MODESTO -- The Stanislaus County unemployment rate was hung at 15.7 percent for July, the same as the revised rate for June.
The jobless rate has hovered in the same place for three months, dropping off a high of 17.4 percent over the winter, according to statistics released today by the California Employment Development Department.
"It's still mostly the seasonal factors influencing the rate. The numbers are pretty customary for this time of year," said Nati Martinez, labor market analyst for the EDD. "But our year over is looking brighter, with a lot less red ink."
This time last year, the unemployment rate in the county sat at 17.1 percent.
This month also saw significant growth in the long-hammered construction industry. Some 600 construction jobs were added in July compared with last July. It is the largest year-to-year improvement for the industry since the recession started.
"Construction is standing out as a stalwart sector for the county," said Jeff Michael, director of the Business Forecasting Center at the University of the Pacific in Stockton. "It's something we anticipated, given the depths of its decline. But it's starting to come back some now and we're seeing that."
Still, improvements in construction and other private sector industries continue to be offset by big losses in government.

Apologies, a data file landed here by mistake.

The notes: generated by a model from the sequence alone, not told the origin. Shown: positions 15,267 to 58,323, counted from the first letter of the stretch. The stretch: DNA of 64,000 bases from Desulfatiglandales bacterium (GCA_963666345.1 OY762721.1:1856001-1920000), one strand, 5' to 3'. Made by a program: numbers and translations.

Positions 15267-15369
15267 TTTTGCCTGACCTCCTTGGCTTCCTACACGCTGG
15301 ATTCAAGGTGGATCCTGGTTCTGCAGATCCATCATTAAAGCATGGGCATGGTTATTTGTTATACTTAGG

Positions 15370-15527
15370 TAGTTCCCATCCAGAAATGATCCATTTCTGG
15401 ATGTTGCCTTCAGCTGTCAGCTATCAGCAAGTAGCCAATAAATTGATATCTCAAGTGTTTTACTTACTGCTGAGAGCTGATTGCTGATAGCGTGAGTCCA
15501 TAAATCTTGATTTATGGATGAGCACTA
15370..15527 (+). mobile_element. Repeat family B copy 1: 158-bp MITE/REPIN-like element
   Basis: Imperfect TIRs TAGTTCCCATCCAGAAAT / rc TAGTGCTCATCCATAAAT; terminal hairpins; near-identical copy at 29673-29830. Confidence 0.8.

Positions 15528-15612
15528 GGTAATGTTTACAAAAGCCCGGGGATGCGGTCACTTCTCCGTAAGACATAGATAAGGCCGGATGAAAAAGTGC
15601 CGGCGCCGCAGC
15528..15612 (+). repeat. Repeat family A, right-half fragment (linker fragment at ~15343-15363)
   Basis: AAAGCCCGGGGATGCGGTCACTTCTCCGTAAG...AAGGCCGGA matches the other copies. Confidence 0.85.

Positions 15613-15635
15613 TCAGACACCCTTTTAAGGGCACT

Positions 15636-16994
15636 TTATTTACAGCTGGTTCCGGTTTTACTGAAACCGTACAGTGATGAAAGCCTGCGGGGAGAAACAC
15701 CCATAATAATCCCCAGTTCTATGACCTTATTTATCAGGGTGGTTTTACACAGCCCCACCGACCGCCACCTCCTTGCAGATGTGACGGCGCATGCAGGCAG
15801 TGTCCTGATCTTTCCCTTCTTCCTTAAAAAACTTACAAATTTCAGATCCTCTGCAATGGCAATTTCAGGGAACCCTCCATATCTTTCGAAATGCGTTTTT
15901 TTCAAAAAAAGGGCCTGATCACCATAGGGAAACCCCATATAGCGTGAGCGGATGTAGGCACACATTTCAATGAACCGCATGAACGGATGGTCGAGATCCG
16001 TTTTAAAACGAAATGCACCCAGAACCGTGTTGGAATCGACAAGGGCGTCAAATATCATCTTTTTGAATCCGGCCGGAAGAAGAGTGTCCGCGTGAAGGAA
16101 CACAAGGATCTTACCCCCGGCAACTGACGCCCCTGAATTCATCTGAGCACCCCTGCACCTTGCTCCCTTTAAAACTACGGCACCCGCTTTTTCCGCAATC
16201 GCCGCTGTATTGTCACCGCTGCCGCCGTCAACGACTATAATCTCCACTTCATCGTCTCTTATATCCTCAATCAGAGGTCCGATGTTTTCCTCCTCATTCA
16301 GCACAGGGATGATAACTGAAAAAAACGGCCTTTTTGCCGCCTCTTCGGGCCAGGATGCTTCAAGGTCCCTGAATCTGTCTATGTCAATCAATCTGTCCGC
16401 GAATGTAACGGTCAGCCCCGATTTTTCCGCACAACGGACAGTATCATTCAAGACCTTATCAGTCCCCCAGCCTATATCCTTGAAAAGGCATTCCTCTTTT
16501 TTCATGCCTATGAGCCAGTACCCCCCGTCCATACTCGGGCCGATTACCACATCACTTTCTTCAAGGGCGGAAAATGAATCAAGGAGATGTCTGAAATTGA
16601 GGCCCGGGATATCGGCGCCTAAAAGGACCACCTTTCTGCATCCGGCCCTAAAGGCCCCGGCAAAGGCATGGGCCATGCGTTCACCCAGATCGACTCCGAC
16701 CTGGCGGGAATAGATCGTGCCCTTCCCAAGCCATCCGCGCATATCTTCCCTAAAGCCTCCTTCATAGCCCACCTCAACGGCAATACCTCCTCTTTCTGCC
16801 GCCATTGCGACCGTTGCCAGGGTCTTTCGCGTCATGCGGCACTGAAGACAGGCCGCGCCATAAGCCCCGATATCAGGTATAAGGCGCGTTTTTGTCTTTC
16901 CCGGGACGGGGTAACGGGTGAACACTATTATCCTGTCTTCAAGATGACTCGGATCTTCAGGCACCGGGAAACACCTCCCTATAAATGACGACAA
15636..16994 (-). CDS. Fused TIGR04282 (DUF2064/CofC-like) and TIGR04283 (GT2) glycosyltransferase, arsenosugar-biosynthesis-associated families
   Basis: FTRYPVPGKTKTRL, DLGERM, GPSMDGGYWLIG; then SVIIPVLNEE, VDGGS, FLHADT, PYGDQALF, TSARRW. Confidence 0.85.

Michael said that in the past few years, the large dip in government jobs in July has made analyzing the numbers more tricky. Much of the drop can be attributed to the fluctuation in public school employee rolls large numbers of workers get pink slips after the school year ends and then some are rehired in the fall.
"The usual seasonal declines in government have been even bigger recently," Michaels said. "And I don't know if local government cuts have bottomed out yet, like the numbers have in other sectors. They are still declining."
Indeed, government saw the largest losses in July, dropping 700 jobs month-to-month, mostly in the education sector. Government numbers were down 200 jobs from last year.
Also following seasonal trends, manufacturing had the strongest month-to-month gains, adding 900 jobs, most of those in food manufacturing. Year-to-year, manufacturing; trade, transportation and utilities; and professional and business services added 300 jobs each.
No change at state level
The county's flat rate followed the same trend as the state, which remained unchanged from June at 10.7 percent. Nationally, the jobless rate was 8.3 percent in July, up from 8.2 percent in June.
The Labor Department said unemployment rates rose in 44 U.S. states, the most states to show a monthly increase in more than three years.
Unemployment fell in just two states; California was one of four states in which month-to-month jobless rates were unchanged.
"The state continues to outperform the nation when it comes to job growth," Michael said. "But that's obviously been slow to arrive in this area."
The Sacramento Bee contributed to this report.
Bee staff writer Marijke Rowland can be reached at firstname.lastname@example.org or (209) 578-2284.